At six feet tall and a little more than one foot wide, Harry Bertoia’s Sounding Sculpture is nearly the size of the average American male, but the piece still maintains a dramatic presence. With its neat, parallel rows of individual nickel alloy spires jutting out of its square base, the static structure can appear to be growing in real time. Furthermore, as is the case with many of Bertoia’s sculpture work, Sounding Sculpture is interactive, producing a unique tone that was painstakingly honed in the late Italian-American artist’s Pennsylvania recording studio.

When Maria Cox lent the piece to the Museum of Contemporary Art Jacksonville some years ago, it was a big hit (especially when its auditory capabilities were put on display by a gloved docent). It’s part of Maria’s and her late husband Donald’s personal collection, and one can easily imagine Sounding Sculpture serving as a source of late-night entertainment for modern-art-appreciating guests in the Coxes’ home.

Now Bertoia’s sculpture, along with 49 other artworks representing the Coxes’ eclectic tastes and ambitious curatorial spirit are set to become a part of MOCA’s permanent collection. Included in the Coxes’ recent gift are two paintings by abstract and neo-expressionist painter Philip Guston (including 1969’s Book), pop-artist Keith Haring’s Two Dancing Figures sculpture, and abstract-expressionist Joan Mitchell’s painting, Chord III. The donation — which is valued at more than $5.8 million — comes just 12 years after the Coxes’ 2004 gift of 48 works, which have since become staples of MOCA’s permanent collection.

The Coxes began collecting while living in New York City during the artistically fertile 1970s, actively seeking out works by Mitchell, Guston, Shapiro, Frank Stella, Haring, Malcom Morley, Jasper Johns, and many more.

Donald, who died in 2006, was at one point a senior vice president at Exxon. After retirement, he served as president and trustee of the American Federation of Arts, a trustee of the American Academy in Rome, a member of the Whitney Print Committee, and emeritus trustee at Polytechnic Institute of New York University and Bluefield College in Virginia.

Maria, after graduating from Cornell, worked in interior design for firms in San Francisco and Boston before starting her own firm in New York City. Her work led to collaborations with prominent architects; she lent her skills to designs at Lincoln Center’s Opera House and Avery Fisher Hall (now David Geffen Hall).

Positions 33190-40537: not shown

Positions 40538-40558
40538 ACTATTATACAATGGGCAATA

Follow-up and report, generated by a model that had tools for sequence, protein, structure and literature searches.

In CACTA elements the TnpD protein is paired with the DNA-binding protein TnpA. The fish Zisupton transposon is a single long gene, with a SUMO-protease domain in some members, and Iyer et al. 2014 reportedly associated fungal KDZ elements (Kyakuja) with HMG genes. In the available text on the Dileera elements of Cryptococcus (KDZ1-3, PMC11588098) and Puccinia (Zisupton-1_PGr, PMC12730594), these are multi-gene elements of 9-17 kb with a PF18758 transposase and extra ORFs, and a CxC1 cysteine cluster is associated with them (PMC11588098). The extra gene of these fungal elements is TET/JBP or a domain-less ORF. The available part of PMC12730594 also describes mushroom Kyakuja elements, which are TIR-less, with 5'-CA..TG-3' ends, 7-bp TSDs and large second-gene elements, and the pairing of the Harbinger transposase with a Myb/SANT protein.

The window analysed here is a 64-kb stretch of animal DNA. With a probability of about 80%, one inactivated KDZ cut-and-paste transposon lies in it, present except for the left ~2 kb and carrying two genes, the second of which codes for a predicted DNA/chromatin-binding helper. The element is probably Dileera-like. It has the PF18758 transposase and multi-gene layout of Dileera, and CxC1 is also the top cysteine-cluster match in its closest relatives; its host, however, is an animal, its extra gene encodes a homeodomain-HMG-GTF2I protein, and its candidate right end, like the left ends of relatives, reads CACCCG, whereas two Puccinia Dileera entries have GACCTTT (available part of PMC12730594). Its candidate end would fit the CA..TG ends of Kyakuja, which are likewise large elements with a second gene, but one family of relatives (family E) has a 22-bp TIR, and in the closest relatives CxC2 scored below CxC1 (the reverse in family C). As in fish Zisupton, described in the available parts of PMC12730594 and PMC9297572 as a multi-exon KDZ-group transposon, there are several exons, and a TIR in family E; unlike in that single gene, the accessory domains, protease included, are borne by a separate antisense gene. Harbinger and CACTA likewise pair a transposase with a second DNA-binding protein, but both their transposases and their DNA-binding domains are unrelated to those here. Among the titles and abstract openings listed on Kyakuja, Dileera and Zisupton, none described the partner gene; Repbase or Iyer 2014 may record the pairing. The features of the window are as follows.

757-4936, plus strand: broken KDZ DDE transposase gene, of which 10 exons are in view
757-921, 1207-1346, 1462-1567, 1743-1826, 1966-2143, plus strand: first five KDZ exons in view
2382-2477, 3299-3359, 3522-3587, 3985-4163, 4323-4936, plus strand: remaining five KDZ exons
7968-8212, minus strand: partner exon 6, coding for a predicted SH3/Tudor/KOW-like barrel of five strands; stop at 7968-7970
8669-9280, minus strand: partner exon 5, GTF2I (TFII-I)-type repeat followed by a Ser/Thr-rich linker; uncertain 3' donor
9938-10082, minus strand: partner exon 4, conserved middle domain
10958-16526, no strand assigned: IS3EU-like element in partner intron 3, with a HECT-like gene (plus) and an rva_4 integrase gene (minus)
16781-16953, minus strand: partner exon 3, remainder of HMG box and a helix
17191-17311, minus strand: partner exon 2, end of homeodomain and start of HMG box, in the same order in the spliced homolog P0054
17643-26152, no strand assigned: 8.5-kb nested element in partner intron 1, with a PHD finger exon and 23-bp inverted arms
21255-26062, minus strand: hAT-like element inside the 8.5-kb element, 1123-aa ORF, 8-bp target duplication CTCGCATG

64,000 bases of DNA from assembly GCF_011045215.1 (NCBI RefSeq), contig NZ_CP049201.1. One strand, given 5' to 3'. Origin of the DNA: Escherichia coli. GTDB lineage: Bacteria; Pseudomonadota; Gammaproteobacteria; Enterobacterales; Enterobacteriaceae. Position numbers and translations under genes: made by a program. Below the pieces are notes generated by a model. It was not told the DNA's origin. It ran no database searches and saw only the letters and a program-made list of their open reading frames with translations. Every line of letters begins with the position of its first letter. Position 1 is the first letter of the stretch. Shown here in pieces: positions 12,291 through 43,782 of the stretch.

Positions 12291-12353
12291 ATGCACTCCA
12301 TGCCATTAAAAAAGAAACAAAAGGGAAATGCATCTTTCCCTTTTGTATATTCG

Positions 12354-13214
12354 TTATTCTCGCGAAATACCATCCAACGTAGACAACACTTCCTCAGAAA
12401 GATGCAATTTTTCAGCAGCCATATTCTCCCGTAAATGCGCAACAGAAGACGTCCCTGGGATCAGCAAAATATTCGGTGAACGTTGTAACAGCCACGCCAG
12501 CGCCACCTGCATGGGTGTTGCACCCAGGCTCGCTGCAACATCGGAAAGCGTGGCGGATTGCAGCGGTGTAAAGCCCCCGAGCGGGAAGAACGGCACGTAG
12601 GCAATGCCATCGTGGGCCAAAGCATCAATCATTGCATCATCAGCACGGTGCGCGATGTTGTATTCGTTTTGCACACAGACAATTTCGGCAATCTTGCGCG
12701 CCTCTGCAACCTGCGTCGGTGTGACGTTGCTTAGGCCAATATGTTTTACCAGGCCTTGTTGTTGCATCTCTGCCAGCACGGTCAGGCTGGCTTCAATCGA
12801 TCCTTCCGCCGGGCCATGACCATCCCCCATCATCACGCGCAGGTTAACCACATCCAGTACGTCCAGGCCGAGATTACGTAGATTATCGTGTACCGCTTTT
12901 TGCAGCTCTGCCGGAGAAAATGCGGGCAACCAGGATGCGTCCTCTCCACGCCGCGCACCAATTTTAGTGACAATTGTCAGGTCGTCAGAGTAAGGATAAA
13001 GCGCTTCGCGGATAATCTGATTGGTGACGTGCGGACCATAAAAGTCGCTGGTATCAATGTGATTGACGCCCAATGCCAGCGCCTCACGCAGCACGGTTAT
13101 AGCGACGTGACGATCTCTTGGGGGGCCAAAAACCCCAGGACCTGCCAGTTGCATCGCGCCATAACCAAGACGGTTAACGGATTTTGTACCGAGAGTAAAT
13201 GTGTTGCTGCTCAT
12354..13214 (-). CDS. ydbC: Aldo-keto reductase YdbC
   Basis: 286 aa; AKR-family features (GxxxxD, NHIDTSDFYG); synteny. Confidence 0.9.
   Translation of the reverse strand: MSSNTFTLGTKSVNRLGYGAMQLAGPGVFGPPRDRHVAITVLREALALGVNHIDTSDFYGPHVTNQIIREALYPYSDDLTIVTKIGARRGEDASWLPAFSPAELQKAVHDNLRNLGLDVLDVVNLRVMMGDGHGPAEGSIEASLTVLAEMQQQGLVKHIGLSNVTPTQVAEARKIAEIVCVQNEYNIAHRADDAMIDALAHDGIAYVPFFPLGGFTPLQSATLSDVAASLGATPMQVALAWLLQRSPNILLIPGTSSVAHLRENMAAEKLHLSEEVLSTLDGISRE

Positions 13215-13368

“We saw an enormous amount of art galleries, museums, studios, in New York and traveling,” Maria Cox said in a press release provided by MOCA. “In New York, sometimes on a Saturday, we might have visited up to 28 galleries. There was so much going on in the galleries and museums uptown, midtown, SoHo, and then Tribeca and further east and south.”

The liveliness of the ’70s New York art scene as well as the couple’s broad tastes are certainly evident in the nearly 100 pieces that have been donated to MOCA. The newest donation includes works collected from New York to Paris and beyond. “Don and I mostly agreed on selections,” Cox said. “If we didn’t agree, we didn’t buy it.”

“They’ve added such depth and diversity to the collection,” says MOCA Director Ben Thompson. “They didn’t just collect one kind of art. Included in this donation are pop art, there’s gestural abstraction, figurative work, sculpture, painting, works on paper … I think it represents the individual interests of both Maria and Donald, as well as their common interests.”

Maria Cox has been MOCA’s longest standing donor, building a relationship spanning 12 years that has turned out to be crucial to the institution’s reputation and long-term viability.

“Over the years, Maria has supported us in very integral ways,” says Thompson. “This donation is Cox’s most significant contribution to the museum to date. In terms of the quality and scope of the works, it is a transformative gift.”

MOCA plans to exhibit a selection of the new objects in “Breaking Ground: The Donald and Maria Cox Collection,” which runs from Sept. 24 through Jan. 8.